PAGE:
It’s a fun hack and-slash game first, a technical hit next, and then a refreshing reboot of a great franchise.
Hack. Slash. Grapple. Shoot. Aim. Parry and Hack, again. Despite my best attempts to create an atmosphere to give you guys a taste of what Devil May Cry feels like, these few words are all I can conjure. I know that’s not saying a lot for its story, characters, and settings (mainly because there are like 5, and none of them feel fleshed out), but Ninja Theory’s reboot of the popular franchise doesn't really seem to require it.
The gameplay really does hold its own. What strikes out of a fresh play-through though, is not that the controls are well taught, and the action is frenetic, taut, and fresh, but that the subjects it touches upon are very subtly hinted at, and not have been dealt with maturely. The story is a social satire of sorts, with a demon lord indoctrinating mankind with an omnipresent energy drink and a news channel spewing his message, and how the twins Dante and Vergil, borne of collusion between a demon and an angel, seek out to end his reign and free humanity. And while the colourful palette and eye-popping visuals lend some sort of artistic merit to the telling, the overall tone and presentation of the tale leaves one slightly sickened and nauseated. But it complements the hack and slash combat, the star of the show, well enough.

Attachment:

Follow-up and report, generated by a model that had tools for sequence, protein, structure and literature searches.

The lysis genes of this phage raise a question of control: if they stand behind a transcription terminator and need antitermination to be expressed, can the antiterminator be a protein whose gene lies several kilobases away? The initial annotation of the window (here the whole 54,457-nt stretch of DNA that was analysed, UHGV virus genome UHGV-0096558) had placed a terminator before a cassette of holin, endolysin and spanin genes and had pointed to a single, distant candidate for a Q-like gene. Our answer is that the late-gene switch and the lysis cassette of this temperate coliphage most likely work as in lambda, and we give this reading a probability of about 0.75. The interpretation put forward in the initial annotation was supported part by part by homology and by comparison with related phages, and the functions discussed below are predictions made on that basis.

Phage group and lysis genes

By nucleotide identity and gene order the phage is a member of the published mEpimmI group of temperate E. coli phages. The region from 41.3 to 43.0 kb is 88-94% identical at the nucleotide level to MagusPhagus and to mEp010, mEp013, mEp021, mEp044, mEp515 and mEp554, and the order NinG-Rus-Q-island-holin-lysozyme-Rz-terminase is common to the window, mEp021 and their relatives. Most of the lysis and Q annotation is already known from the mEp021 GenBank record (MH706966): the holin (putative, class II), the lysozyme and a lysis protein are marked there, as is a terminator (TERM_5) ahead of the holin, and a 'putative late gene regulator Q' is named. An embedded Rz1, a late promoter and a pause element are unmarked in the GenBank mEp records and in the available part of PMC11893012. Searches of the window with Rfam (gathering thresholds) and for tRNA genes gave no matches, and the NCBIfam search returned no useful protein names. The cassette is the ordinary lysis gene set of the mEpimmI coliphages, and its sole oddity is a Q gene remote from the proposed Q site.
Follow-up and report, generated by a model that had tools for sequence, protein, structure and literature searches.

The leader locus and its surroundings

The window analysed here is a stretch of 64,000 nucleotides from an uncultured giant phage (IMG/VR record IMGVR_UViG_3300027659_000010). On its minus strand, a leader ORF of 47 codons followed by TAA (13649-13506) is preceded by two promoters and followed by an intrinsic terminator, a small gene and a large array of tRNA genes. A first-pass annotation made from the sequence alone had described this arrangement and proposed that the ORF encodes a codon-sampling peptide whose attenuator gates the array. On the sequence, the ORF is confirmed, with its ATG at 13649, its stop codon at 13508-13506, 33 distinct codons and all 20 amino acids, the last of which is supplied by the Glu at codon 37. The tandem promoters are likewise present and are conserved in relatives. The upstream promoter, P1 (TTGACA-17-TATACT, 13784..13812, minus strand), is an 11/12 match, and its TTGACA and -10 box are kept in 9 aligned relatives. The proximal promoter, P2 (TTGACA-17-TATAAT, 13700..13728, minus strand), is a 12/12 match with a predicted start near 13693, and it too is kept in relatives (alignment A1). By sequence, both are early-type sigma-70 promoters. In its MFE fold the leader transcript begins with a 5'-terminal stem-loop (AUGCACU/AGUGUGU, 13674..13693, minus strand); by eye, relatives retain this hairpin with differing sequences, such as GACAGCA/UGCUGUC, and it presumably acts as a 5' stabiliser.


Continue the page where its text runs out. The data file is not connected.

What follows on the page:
They’ve done a fine job introducing so many new weapons, combos and fighting styles to this game, and the learning curve is never too steep for even rookies. The enemy types and layouts are well thought out and smartly placed, and there’s seldom a dull moment. The campaign lasts for about eight to nine hours, though, and there’s a lot of replay value here given that you have four new difficulties to unlock. Don’t expect a particularly stellar time, though. Devil May Cry is strictly what it sets out to be. It’s a fun hack-and slash game first, a technical achievement next, and then a refreshing reboot to a franchise many have become devout towards. And also the new Dante looks really great.
The enemy types and layouts are well thought out and smartly placed, and there’s seldom a dull moment, and the campaign lasts for about eight to nine hours.